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How to power on when when you make a mistake during your presentation.

You call the client's boss Wendy when her name is actually Caroline. You knock over a glass of water, spilling it all over the boardroom table. You show up 5 minutes late because you went to the wrong boardroom. You trip over the projector cord and fall during your presentation. 

The list of potential mistakes that could happen during a presentation are endless and although these scenarios have the potential to become awkward and embarrassing, they don't have to be.

Making a mistake is not what matters, it's what you do next that will make all the difference to your audience. Mistakes happen, and your audience is definitely not expecting you to be perfect, but they are expecting you to pick yourself up and power on if something does go wrong.

Do that, and you'll look like the pro you are.   


Don't believe us? 

  • Here's Lady Gaga powering through the final notes of "You and I" while falling off a piano

  • Here's Beyonce powering through "Halo" while her hair get's stuck in a fan

  • Here's Taylor Swift powering through her choreography after her back up dancer takes her out.

World class performers make mistakes...and they also make world class recoveries. Here are a few simple strategies you can use to quickly recover when things suddenly go south: 

Keep it light hearted: Try making light of the situation, and not take it too seriously (assuming it's actually not that serious). Making an appropriate joke or laughing it off will put everyone at ease knowing you're calm, cool and collected.

Move on quickly: By moving on quickly, you signal to the audience that it happened, it was no big deal and you're already over it (which means they will be too).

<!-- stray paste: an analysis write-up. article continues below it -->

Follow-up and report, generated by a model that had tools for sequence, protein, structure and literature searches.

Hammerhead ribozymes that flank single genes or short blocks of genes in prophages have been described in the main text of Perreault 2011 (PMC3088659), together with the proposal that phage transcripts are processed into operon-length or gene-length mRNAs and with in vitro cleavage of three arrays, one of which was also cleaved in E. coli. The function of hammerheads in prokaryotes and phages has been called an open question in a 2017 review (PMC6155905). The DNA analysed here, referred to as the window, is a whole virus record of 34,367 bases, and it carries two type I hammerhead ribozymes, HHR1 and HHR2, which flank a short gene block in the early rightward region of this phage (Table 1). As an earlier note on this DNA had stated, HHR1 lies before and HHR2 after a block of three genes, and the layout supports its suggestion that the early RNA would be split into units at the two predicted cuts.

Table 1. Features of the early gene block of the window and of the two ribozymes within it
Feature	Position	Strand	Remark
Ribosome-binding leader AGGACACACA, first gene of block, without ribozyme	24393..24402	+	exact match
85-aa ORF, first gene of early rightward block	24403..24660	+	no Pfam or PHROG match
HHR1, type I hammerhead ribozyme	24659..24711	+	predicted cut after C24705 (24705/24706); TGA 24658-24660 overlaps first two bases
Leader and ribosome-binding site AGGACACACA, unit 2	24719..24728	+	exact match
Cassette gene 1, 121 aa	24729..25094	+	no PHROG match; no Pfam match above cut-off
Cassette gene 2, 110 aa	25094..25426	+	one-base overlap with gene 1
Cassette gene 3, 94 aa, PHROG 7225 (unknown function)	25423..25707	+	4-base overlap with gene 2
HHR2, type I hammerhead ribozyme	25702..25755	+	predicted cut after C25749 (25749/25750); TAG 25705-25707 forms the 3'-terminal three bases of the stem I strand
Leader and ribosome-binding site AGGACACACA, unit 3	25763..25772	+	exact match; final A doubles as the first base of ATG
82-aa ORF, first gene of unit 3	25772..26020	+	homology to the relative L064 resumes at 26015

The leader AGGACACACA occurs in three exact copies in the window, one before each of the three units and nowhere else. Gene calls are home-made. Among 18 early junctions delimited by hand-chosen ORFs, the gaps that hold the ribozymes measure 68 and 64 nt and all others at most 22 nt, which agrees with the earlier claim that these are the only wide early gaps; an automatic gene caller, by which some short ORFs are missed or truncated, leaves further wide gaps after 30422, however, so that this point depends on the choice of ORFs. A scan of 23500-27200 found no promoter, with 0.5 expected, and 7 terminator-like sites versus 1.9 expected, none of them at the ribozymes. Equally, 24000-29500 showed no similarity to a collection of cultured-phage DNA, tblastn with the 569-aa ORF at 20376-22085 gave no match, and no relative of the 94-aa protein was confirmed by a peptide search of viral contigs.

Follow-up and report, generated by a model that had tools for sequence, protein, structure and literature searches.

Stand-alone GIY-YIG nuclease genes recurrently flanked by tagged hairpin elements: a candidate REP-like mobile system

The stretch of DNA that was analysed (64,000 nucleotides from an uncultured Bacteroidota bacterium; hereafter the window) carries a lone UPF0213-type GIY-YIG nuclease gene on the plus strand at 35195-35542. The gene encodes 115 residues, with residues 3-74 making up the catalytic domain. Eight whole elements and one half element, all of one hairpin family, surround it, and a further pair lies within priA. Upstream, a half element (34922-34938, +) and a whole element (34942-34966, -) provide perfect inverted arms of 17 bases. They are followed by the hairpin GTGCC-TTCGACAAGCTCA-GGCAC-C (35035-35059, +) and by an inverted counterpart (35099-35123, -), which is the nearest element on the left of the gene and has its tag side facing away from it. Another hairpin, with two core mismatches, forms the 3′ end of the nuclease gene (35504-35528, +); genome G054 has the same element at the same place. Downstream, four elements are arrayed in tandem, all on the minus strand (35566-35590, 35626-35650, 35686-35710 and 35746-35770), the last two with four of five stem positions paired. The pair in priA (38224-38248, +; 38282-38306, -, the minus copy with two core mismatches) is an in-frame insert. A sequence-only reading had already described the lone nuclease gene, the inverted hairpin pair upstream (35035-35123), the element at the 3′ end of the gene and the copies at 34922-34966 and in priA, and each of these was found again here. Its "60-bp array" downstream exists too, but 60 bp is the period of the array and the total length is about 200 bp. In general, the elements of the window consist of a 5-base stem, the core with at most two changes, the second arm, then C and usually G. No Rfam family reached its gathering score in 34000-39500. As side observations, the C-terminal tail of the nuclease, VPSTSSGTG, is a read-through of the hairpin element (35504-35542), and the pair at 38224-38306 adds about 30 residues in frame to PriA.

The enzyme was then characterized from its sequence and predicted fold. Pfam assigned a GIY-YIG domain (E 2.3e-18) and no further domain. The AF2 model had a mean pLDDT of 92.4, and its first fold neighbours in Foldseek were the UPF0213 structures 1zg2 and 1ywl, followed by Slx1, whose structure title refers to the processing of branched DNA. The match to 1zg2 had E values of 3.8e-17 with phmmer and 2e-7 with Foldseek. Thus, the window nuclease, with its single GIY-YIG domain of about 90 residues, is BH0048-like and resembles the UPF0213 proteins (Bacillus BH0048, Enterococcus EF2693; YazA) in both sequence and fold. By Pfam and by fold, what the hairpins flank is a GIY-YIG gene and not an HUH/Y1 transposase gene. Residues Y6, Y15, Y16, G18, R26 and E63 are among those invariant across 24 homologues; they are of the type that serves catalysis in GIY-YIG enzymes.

Don't apologize: Remember, mistakes are OK and the only thing that can make it worse/even more awkward is profusely apologizing for something that was completely unintentional. Instead, try thanking the people who might have helped you. For example, you could say: 

  • "Thanks for correcting me, Caroline"

  • "Thanks for helping me clean up the water"

  • "Thanks for your patience while I found my way to the boardroom"

  • "Thanks for helping me untangle myself from the projector cord"


Again, assuming it wasn't that serious, skip the apology and don't look back.


Avoid reminding the audience it happened: For some reason, humans like to re-hash mistakes/embarrassing moments in the hopes that talking about it will provide and explanation or justification as to why it happened. But all this does, is remind the audience that it happened in the first place! Although it might be tempting, avoid bringing it up after you've moved on. After all, you're a pro and it's already ancient history.

So, the next time you make a mistake during a presentation, call, meeting or speech, instead of apologizing and getting flustered - keep calm and power on

After all...



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